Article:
Leishmaniasis is an anthropo-zoonotic disease caused by various Leishmania species. The clinical manifestations of the disease vary according to the species and host characteristics. Leishmania infection leads to subversion/modulation of the host's innate immune response and cellular metabolic pathways. In the last years, it has been shown that many host cell gene expression and signaling pathways are targeted by Leishmania to subvert host defenses (e.g., oxidative damage, immune activation, antigen presentation, apoptosis) and allow parasite survival and replication. However, the molecular mechanisms triggered by the parasite are not fully elucidated. The role of miRNA has recently been evaluated in human or murine macrophages infected with Leishmania (Leishmania) major, L. (L.) donovani or L. (L.) amazonensis. However, no literature exists regarding miRNA dysregulation in host cells infected with L. (L.) infantum or L. (Viannia) species. Since we previously showed that L. (L.) infantum infection induced unfolded protein response (UPR) in macrophages, we focused on miR-346, which has been shown to be induced by the UPR-activated transcription factor sXBP1 and has a potential role in the modulation of the immune response. Macrophages differentiated from U937 and/or THP-1 human monocytic cells were infected with four L. (L.) infantum strain/clinical isolates and one L. (V.) sp. clinical isolate. A significant upregulation of miR-346 (p < 0.05) was observed in infections with all the Leishmania species tested. Moreover, RFX1 (a miR-346 predicted target gene) was found to be significantly downregulated (p < 0.05) after 48h infection, and miR-346 was found to have a role in this downregulation. The induction of miR-346 in macrophages infected with L. (L.) infantum and L. (V.) sp., reported here for the first time, could play a role in regulating macrophage functions since several MHC- or interferon-associated genes are among the targets of this miRNA. Hence, miR-346 could be considered an attractive anti-Leishmania drug target.

Leishmania Infection Induces MicroRNA hsa-miR-346 in Human Cell Line-Derived Macrophages

Diotallevi, Aurora;De Santi, Mauro;BUFFI, GLORIA;Ceccarelli, Marcello;Galluzzi, Luca
;
Magnani, Mauro
2018

Abstract

Leishmaniasis is an anthropo-zoonotic disease caused by various Leishmania species. The clinical manifestations of the disease vary according to the species and host characteristics. Leishmania infection leads to subversion/modulation of the host's innate immune response and cellular metabolic pathways. In the last years, it has been shown that many host cell gene expression and signaling pathways are targeted by Leishmania to subvert host defenses (e.g., oxidative damage, immune activation, antigen presentation, apoptosis) and allow parasite survival and replication. However, the molecular mechanisms triggered by the parasite are not fully elucidated. The role of miRNA has recently been evaluated in human or murine macrophages infected with Leishmania (Leishmania) major, L. (L.) donovani or L. (L.) amazonensis. However, no literature exists regarding miRNA dysregulation in host cells infected with L. (L.) infantum or L. (Viannia) species. Since we previously showed that L. (L.) infantum infection induced unfolded protein response (UPR) in macrophages, we focused on miR-346, which has been shown to be induced by the UPR-activated transcription factor sXBP1 and has a potential role in the modulation of the immune response. Macrophages differentiated from U937 and/or THP-1 human monocytic cells were infected with four L. (L.) infantum strain/clinical isolates and one L. (V.) sp. clinical isolate. A significant upregulation of miR-346 (p < 0.05) was observed in infections with all the Leishmania species tested. Moreover, RFX1 (a miR-346 predicted target gene) was found to be significantly downregulated (p < 0.05) after 48h infection, and miR-346 was found to have a role in this downregulation. The induction of miR-346 in macrophages infected with L. (L.) infantum and L. (V.) sp., reported here for the first time, could play a role in regulating macrophage functions since several MHC- or interferon-associated genes are among the targets of this miRNA. Hence, miR-346 could be considered an attractive anti-Leishmania drug target.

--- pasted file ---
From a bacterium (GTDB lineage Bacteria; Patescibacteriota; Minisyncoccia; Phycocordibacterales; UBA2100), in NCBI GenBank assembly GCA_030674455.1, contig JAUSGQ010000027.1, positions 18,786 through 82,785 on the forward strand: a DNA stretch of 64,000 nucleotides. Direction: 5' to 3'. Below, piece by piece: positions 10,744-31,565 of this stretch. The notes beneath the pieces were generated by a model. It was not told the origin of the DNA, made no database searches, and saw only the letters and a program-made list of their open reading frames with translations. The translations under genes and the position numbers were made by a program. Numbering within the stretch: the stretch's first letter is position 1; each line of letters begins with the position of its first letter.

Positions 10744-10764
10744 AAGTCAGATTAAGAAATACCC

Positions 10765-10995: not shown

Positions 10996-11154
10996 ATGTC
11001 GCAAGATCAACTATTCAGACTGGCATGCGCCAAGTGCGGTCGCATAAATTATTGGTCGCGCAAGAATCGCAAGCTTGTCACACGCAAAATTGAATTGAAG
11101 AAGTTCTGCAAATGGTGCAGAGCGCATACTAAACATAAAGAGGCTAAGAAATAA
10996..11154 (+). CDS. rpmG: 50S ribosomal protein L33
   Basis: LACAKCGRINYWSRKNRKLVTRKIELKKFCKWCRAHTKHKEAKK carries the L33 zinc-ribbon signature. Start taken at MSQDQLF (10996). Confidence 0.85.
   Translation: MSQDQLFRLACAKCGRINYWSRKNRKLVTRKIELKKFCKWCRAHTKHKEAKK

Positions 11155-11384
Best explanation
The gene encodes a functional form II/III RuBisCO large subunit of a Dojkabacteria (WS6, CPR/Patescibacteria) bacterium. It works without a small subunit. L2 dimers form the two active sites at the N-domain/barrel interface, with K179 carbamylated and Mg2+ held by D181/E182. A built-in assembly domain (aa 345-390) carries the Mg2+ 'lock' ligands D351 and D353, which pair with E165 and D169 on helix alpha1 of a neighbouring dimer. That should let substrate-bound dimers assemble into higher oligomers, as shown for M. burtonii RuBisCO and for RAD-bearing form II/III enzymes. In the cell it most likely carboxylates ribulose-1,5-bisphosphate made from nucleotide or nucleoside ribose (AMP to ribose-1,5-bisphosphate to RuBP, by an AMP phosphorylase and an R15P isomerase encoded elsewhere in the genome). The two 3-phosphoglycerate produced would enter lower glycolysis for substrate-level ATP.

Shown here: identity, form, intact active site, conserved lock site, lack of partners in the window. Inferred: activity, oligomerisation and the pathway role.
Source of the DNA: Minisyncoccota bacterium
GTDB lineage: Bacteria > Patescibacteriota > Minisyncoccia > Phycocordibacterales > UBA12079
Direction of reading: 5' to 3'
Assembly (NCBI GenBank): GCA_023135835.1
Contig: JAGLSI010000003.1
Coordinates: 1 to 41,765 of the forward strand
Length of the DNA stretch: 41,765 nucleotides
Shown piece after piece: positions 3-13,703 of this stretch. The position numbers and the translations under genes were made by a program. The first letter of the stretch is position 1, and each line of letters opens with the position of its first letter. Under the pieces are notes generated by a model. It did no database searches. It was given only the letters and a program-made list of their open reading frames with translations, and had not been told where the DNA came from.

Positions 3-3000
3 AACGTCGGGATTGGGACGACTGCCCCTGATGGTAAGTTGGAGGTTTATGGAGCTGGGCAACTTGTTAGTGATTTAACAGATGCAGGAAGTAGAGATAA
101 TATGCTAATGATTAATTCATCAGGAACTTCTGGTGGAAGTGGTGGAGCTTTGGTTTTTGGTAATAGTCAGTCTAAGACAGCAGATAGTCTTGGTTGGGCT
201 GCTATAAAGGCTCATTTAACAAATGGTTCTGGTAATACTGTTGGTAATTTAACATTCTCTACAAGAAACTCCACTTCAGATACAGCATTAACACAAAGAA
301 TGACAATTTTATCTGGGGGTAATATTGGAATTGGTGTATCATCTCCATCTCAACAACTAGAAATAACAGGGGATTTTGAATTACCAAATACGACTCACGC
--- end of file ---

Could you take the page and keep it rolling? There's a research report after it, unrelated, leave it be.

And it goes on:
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Utilizza questo identificativo per citare o creare un link a questo documento: http://hdl.handle.net/11576/2660452
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